Modern life is relentless. I’ve written in the past about “the wobble” - the need to balance everything in life that needs your attention. The assumption is that the Macro picture is not fixable - at least, not quickly or easily anyway. The Macro is the the big things in life - where you work, where you live, who you marry, whether or not you have kids. But within those constraints, can you optimize the micro, the little things, to make your day slightly better? The goal is to maybe get a little more energy for all the other things in life. To that end, I found the advice in this little self-help book rather useful; like a little Cliffs Notes version of the Seven Habits.

  1. Refocus your brain:
    • Your prefrontal cortex’s endurance is limited. Don’t waste it.
    • a. Zone refocus: create an island of focus. Physical (a separate work area) or temporal (a blocked off time zone). Block out distractions and interruptions. Communicate with others when you are in the zone and they can’t reach you. Taking control, saying “no”, is more of an executive function and gives you better outcomes than being a worker bee saying yes to everything.
    • b. create a culture where interruptions are not the norm. Be respectful of other people’s time. Run effective meetings. Use the right communication mechanism - if an email will do, don’t send a Chime. If an urgent meeting isn’t needed, don’t set it up. Find another way. Watch “energy farts”: when you let your negative energy or fatigue blow into an outburst that stinks up the area around you (kids, subordinates are especially vulnerable since that’s when we feel like we can let them out)
    • c. set up time for yourself in between meetings. Research shows back to back to back meetings are taxing on your brain. Taking short interruptions is better overall. Bring in the example of the tennis players or cricketers who “switch on, switch off” at the right times, and thus are able to have more endurance.
    • d. Write things down! Reduce the overload in your brain from a conversation where you need to pay attention AND remember actions or make future plans.
    • e. Watch decision fatigue. Continuing, small reductions in brain taxation will end up in better end of day results. Judicial rulings are more likely to be lenient if they’re at the beginning of the day, than before lunch or before EOD. Drug addicts Short periods of rest, spending time in nature, inducing positive mood shifts, and increasing glucose in the body, are shown to help. Delegate! - not everything needs you. Use checklists for repetitive things that have a recipe available. Try to reduce decision fatigue spent on things that don’t matter too much - eg clothes to wear, meal prep, etc.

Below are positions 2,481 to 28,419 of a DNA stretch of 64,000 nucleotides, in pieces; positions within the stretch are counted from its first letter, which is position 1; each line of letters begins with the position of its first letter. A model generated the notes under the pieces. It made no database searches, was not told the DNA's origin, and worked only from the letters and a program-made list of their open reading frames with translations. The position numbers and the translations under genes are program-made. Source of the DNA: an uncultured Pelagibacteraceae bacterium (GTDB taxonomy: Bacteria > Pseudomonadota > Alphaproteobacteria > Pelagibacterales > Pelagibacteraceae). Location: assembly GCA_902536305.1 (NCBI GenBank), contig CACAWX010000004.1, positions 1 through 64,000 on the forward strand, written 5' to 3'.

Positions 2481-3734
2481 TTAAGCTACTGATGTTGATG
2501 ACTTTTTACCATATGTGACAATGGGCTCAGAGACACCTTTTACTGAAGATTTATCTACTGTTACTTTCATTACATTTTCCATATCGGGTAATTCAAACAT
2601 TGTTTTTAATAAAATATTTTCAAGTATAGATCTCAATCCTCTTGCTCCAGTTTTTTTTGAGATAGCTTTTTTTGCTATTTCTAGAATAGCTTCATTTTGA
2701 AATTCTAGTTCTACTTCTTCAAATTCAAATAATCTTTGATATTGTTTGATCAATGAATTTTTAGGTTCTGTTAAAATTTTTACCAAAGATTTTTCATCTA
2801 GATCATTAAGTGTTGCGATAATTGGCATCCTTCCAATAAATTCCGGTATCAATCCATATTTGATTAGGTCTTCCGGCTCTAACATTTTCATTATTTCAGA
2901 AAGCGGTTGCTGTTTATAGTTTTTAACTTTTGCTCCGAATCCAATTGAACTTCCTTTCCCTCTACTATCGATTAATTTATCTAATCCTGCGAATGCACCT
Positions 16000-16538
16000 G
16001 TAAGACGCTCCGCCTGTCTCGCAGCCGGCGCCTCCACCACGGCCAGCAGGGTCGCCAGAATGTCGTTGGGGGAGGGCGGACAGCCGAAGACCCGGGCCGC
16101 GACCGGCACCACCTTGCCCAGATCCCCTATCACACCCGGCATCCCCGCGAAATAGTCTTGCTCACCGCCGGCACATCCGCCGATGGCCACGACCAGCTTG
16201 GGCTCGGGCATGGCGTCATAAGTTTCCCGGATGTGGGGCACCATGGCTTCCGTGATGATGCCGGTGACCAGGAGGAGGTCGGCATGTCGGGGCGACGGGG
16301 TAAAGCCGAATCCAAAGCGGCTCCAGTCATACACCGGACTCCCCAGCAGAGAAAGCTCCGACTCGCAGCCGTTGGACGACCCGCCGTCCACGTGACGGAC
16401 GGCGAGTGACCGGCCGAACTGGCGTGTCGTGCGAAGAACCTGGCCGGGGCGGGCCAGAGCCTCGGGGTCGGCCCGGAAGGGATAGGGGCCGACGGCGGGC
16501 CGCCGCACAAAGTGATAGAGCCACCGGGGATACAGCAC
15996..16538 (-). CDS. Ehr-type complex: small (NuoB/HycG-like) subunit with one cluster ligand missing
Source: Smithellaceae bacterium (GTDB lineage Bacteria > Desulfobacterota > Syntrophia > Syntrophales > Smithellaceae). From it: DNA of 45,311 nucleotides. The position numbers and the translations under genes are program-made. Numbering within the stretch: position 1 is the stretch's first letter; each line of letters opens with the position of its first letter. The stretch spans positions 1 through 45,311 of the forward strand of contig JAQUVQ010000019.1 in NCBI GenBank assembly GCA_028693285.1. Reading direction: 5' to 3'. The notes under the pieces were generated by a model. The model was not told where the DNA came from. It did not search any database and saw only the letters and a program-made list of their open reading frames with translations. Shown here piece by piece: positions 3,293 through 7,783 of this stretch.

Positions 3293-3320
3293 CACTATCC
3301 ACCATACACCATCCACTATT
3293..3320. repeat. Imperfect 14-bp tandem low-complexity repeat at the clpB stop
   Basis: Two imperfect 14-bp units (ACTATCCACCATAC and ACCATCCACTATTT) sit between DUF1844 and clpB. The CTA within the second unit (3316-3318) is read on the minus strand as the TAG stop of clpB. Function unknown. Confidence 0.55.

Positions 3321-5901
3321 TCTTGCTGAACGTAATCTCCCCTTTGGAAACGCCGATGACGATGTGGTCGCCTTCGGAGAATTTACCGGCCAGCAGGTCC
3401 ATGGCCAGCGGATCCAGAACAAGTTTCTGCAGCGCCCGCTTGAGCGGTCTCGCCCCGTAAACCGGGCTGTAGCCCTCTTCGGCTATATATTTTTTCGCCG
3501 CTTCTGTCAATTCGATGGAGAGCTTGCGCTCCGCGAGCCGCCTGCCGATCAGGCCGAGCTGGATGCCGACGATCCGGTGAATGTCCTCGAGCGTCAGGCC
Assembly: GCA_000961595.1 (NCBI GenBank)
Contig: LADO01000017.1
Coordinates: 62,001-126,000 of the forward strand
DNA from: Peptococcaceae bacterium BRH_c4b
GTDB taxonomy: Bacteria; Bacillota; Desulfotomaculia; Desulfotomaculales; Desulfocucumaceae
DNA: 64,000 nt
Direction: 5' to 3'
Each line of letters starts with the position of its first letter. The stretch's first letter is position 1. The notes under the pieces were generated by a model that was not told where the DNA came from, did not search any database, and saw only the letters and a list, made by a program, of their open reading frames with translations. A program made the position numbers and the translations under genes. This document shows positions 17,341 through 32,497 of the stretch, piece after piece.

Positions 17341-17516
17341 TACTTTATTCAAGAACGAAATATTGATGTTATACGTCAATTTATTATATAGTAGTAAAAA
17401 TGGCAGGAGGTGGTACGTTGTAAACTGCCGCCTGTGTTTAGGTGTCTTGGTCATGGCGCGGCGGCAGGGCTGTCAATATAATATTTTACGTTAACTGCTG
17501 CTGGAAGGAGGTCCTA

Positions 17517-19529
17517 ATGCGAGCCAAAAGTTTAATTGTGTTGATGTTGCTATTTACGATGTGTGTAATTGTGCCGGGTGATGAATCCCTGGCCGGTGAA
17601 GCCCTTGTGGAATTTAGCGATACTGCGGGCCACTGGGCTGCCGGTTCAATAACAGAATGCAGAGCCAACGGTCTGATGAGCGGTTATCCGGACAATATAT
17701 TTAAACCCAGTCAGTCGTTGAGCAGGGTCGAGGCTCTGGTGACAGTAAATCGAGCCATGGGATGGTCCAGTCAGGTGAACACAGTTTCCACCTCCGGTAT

• f. Prioritize prioritizing. Prioritize only when fresh and uninterrupted; and avoid attention-hungry tasks (like a critical email) when not scheduled.
    • g. Exercise. This helps both in micro (todays decision making) and macro (your resilience and decision making 2 days, weeks, months from now.) But be strategic - save maximal efforts for when you need to reduce tension. For short term benefits focus on “sub maximal effort” and keep it less than 60 mins. Try walking meetings when possible. Keep a bunch of “desk exercises” you can do quickly.
  2. Reset your primitive alarms:
    • stop your emotions from getting hijacked. When we feel attacked or threatened, or have an emergency, our bodies react in ways outside of our control. We act in ways that are “not me”. Watch for the “amygdala hijack”. Impulses traveling the “back alley pathway” can bypass the neocortex completely. Amygdala can dump cortisol, adrenaline and other hormones into your system. It puts your body in “fight or flight” mode. In todays world we actually need our higher order skills to deal with this; but the amygdala does the opposite. 5 common workplace triggers: (a) condescension or disrespect, (b) unfair treatment, (c) lack of appreciation, (d) feeling unheard or not listened to, (e) unrealistic demands/deadlines. Exclusion/rejection triggers same brain areas as physical pain.
    • “Awfulizing” or “catastrophizing” - imagining the worst case scenario for even minor things - can put us in fight-or-flight modes. You worry and create your own stress. Stress hormones don’t care - they will flow even if the crisis was not actually there. Resilient people adjust the level of emotional resources needed to meet the true demands of a situation. They also “get back to normal” (ie get rid of the indicators of stress) much sooner after the threat dissipates.
    • Solutions: Label it. Call it by a name. What are you feeling exactly? Scrutinizing our reactions engages the PFC, separates us from the feeling itself. Gives us back a sense of control. Remember that you can always choose the response.
    • Conscious relaxation: take a deep breath BUT NOT FROM YOUR CHEST (shallow breathing). That can actually make things worse. Instead, do deep belly (diaphragmatic) breathing (the natural relaxed state breathing) turns off the body’s fight-flight response.
    • Deliberately relax your muscles, esp shoulders and neck. Give in to gravity. Focus on individual muscles and relax them from head to toe. Engage your parasympathetic nervous system by thinking of people you love, things you are grateful for, etc. SMELLS and SOUNDS have a direct attachment to the lambic system -things like cinnamon, vanilla, nutmeg can cut through and go to your happy memories. Keep them around you - hand lotion, mint tea, scented candles. Keep a playlist of favorite relaxing music. Try the same with a colleague or angry client - use a walk-and-talk, or go sit at a comfy sofa or near some running water or a fireplace. Kick off meetings with some upbeat music or soothing resonant sounds. Get them relaxed. If nothing else, it will relax you.